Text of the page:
Whittingham, Northumberland, England
Whittingham parish lies in mid-Northumberland and stretches from the
vale of the River Aln to the heights of Thrunton Crags.
The oldest remains in the parish are Neolithic and include a flint
arrowhead as well as some of the mysterious cup and ring marked
stones from Mountain Farm and Mile Farm. The carved stones were
discovered in Bronze Age burials and may have held some significance
for a long period of time. Such burials might have contained a
cremation or inhumation with grave goods, and may have been covered
by a barrow or cairn.
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A round barrow excavated near Whittingham revealed some pottery, but
little else is known about this site and other burial have been
found in Thrunton Woods. Other Bronze Age objects have been found in
a hoard of weaponry on Thrunton Farm; this may have been a religious
deposit as it was found in a patch of marsh had been arranged in a
Two Roman roads pass through the parish: the Devil’s Causeway and a
linking road to Dere Street. No settlements or military sites have
been found in the parish although Low Learchild Roman fort lies just
outside the parish.
In the early medieval period there was probably a settlement in
Whittingham as the remains of an Anglo-Saxon church can be seen be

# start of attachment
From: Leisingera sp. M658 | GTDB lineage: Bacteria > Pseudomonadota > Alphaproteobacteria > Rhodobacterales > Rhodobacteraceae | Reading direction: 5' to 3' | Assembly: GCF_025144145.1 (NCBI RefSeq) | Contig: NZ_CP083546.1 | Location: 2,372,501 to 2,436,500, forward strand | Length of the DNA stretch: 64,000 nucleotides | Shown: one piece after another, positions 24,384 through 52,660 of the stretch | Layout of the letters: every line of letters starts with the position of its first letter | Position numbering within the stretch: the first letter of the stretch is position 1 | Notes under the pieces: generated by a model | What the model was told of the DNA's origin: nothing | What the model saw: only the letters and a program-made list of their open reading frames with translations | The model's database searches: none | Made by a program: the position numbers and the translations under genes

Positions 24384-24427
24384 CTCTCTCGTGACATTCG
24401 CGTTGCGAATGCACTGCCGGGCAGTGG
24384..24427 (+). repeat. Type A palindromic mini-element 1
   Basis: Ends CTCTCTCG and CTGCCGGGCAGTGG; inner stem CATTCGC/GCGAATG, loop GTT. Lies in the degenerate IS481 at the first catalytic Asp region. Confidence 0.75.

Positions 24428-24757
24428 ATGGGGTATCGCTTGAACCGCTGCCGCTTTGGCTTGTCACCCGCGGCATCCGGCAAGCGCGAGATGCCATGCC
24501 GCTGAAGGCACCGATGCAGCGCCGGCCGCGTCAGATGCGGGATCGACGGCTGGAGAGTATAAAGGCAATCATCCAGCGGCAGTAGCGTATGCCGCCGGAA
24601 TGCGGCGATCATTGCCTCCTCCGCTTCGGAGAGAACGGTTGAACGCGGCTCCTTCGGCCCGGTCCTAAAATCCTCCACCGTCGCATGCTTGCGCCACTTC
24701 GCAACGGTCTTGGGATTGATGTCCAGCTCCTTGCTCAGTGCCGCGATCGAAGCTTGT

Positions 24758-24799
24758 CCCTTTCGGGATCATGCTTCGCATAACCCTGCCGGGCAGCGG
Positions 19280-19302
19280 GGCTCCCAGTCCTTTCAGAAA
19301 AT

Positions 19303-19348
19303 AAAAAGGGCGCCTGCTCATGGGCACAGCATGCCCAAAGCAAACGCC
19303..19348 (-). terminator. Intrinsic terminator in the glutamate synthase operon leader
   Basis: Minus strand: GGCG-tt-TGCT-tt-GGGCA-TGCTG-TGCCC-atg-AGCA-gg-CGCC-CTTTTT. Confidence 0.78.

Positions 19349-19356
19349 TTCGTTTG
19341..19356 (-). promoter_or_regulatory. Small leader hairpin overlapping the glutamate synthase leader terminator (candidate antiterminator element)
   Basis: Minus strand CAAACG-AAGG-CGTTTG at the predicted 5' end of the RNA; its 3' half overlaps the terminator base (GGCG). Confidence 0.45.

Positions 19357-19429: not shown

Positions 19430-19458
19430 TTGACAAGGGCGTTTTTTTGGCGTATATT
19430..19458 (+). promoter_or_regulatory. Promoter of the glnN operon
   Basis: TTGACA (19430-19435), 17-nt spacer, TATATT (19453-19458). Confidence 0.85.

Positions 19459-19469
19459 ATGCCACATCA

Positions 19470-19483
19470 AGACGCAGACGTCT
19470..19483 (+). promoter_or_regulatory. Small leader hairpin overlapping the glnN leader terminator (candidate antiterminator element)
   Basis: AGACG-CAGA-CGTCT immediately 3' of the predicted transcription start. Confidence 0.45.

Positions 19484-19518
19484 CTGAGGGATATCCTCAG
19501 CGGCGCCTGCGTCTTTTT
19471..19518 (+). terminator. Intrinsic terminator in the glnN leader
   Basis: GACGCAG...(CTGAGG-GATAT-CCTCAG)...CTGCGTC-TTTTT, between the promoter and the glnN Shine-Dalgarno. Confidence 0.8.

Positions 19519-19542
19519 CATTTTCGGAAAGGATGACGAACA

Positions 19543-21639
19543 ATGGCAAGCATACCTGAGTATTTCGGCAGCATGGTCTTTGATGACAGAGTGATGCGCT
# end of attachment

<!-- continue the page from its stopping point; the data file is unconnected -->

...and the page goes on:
seen in the fabric of the Church of Saint Bartholomew. Although much
of the early church was destroyed in the 19th century, some early
quoins in the tower, nave and aisles can be seen. The place-name
‘Whittingham’ itself has the elements –ham and –ing, which are
thought to indicate early Anglian settlements.
In the medieval period there were villages and hamlets at Thrunton,
Eslington, Whittingham and Barton. Traces of the medieval field
system still survive as ridge and furrow earthworks at Barton.
During the wars between England and Scotland defences were built
against Scottish raiders. These took the form of tower houses at
Eslington and Whittingham together with a vicar’s pele at
Whittingham. Some of the boundaries established in medieval times
are still visible today, especially on the upland areas of Callaly
Moor where a series of boundary stones stand.
Changes in agriculture took place throughout the post-medieval
period. These led to changes in settlement and wealth. Eslington
Park is an example of such an improved landscape and is laid out
around a country house, also called Eslington Park. The poor of
parish were catered for when Whittingham Tower was turned into
almshouses in the 19th century. Transport was also improved with the
first Morpeth to Wooler turnpike travelling through Whittingham from
the 1780s, much of which is still followed by the A697 today. The
North Eastern Railway also came to Whittingham with the Alnwick to
Cornhill line with a fine station at the Bridge of Aln.
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